When the ceremony ended and the crowds cleared away, I walked about five rows of head stones.  Flowers adorned most, yet not all.  There were husbands and wives, children, some had entire families.  It was quiet, except for the sound of the flags being whipped by the light breeze and the gentle crunch of gravel under the few cars coming through.  I walked back to my car and called my Grandpa back in Cleveland.  With a little choke to my voice and welling eyes, I left him a message that simply said - "I was thinking of you, and Grandma, and of the day.  I wanted to tell you I love you and thank you".  It did not seem to be enough to say.

Here is my welcome speech from Monday May 27th 2013.  The italicized portion was omitted due to time and the tremendous amount of rain that was falling on the attendees:

Good afternoon Ladies and Gentlemen, and welcome to American Legion Post 122, Memorial Day Observance and Service. 

Thank you to Carl Coffman, Commander of American Legion Post 122, for inviting me to be a part of these Memorial Services.  I am honored to be involved in this day of remembrance.

Several years ago I had the honor to visit Calvary Cemetery in Cleveland, Ohio with my Grandfather on Memorial Day.  As we drove the roadways through the cemetery I was moved to a different level of appreciation of what I have because of the men and women who fought for what freedoms I have.

Row upon row of small flags lined the headstones; many were adorned with flowers and other signs of remembrance.  Neatly and meticulously placed, they all celebrated life, said we do not forget you, and thank you.

As I drove my Grandfather around, he knew where everyone was laid to rest – Grandparents, Parents, Aunts and Uncles, Cousins, Nieces and Nephews, and many friends that he has outlived.  They span two World Wars, himself a Navy man in WWII, Korea, and Vietnam. 

I am in awe of the men and women who have and do sacrifice for the freedom of the United States of America and their families that support them.  It is bravery that is unmatched.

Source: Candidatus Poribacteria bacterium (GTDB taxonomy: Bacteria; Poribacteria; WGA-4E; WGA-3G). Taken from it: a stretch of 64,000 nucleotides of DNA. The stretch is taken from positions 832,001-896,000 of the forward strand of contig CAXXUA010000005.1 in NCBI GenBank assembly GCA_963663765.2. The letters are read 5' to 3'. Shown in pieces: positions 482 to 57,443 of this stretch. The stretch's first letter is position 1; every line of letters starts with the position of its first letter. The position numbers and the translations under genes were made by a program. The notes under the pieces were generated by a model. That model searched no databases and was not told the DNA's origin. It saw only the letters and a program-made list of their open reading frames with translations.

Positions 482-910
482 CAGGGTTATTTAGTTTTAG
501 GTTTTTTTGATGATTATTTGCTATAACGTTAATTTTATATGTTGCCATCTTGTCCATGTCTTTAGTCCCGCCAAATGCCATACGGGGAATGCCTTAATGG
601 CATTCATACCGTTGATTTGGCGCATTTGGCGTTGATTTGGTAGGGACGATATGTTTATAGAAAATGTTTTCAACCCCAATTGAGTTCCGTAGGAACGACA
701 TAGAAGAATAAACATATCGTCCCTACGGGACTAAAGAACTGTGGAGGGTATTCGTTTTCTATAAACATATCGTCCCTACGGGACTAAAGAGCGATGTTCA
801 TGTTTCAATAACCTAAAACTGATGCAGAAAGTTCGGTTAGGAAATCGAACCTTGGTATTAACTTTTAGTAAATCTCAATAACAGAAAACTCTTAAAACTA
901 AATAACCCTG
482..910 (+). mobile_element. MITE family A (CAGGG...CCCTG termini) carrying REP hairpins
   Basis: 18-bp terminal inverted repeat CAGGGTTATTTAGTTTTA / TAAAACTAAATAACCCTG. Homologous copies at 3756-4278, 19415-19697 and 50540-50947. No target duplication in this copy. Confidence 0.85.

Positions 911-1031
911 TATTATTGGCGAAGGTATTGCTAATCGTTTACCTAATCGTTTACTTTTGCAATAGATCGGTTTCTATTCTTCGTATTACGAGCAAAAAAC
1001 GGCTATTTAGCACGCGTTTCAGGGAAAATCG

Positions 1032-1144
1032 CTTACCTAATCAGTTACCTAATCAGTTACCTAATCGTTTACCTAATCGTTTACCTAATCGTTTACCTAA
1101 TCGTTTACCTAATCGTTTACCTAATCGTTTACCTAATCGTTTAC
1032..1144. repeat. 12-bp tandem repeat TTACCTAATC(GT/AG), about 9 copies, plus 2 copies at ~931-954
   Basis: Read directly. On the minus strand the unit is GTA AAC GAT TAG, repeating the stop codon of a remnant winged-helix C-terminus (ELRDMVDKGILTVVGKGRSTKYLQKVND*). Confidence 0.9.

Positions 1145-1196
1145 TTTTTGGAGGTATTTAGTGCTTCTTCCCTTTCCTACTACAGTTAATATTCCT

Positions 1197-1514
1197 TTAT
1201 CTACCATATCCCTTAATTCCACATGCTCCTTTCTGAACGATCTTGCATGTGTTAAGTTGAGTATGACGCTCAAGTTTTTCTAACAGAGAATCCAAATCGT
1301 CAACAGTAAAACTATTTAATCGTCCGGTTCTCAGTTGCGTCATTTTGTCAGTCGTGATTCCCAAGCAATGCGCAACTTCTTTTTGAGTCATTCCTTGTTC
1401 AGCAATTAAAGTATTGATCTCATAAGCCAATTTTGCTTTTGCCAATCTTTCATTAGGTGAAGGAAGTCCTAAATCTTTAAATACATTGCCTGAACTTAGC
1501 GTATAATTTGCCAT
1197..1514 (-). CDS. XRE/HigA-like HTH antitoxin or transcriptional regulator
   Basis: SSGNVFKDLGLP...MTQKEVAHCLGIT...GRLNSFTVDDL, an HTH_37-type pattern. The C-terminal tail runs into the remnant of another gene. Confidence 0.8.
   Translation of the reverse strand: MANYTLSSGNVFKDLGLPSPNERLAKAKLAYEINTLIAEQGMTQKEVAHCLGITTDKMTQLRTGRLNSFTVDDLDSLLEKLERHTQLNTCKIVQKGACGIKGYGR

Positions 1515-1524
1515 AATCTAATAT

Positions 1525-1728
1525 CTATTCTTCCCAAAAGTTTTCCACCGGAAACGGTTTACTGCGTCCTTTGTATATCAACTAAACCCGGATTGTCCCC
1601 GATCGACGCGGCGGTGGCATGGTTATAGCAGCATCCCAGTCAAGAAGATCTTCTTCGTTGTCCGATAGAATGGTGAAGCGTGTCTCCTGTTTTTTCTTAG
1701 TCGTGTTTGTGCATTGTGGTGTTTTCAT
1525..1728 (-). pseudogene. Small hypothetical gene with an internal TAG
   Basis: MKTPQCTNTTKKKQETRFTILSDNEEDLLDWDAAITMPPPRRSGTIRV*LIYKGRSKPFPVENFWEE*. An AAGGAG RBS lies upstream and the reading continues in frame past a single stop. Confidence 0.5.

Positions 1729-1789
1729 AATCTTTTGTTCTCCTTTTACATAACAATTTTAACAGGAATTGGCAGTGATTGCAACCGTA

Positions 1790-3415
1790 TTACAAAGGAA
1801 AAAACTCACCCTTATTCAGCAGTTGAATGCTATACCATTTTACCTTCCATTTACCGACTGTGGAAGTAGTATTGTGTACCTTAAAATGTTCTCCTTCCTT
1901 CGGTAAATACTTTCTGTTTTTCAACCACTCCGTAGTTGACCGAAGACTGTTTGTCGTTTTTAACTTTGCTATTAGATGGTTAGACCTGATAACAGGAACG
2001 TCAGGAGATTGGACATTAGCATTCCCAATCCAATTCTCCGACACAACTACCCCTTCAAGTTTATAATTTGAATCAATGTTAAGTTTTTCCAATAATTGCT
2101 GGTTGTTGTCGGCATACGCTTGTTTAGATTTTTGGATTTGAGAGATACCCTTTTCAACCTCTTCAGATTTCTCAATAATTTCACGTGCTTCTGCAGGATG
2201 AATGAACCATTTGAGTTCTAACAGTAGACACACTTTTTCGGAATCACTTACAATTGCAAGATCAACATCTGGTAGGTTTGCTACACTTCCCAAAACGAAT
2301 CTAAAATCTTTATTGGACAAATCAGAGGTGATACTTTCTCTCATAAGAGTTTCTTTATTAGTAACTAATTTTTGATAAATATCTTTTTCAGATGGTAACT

Our nation is free because of brave Americans like these, who volunteer to confront our adversaries abroad so we do not have to face them here at home. Our nation
mourns the loss of our men and women in uniform and we must honor them, more often than we do.  Today we pray that those who lie here have found peace with God, and we resolve that their sacrifice will always be remembered by a grateful city and nation. 

We must also not let their efforts be in vain.  We can honor them best by showing our vigilance and commitment to community here in our own cities.  Find an hour a week or month to give back to your community or hold your elected officials at every level accountable to “We the people…” and us, the citizens.  This how we remain a great nation, and a model for other countries to strive for.

In a little bit we will hear music and lyrics that we have heard many times, our National Anthem.  President Ronald Reagan in a Memorial Day speech said – “I can't claim to know the words of all the national anthems in the world, but I don't know of any other that ends with a question and a challenge as ours does: Does that flag still wave o'er the land of the free and the home of the brave? That is what we must all ask”.

May God bless our fallen heroes, those serving here and abroad, you all in attendance, your families, the city of Canby, and our Great Country.  Thank you and God Bless.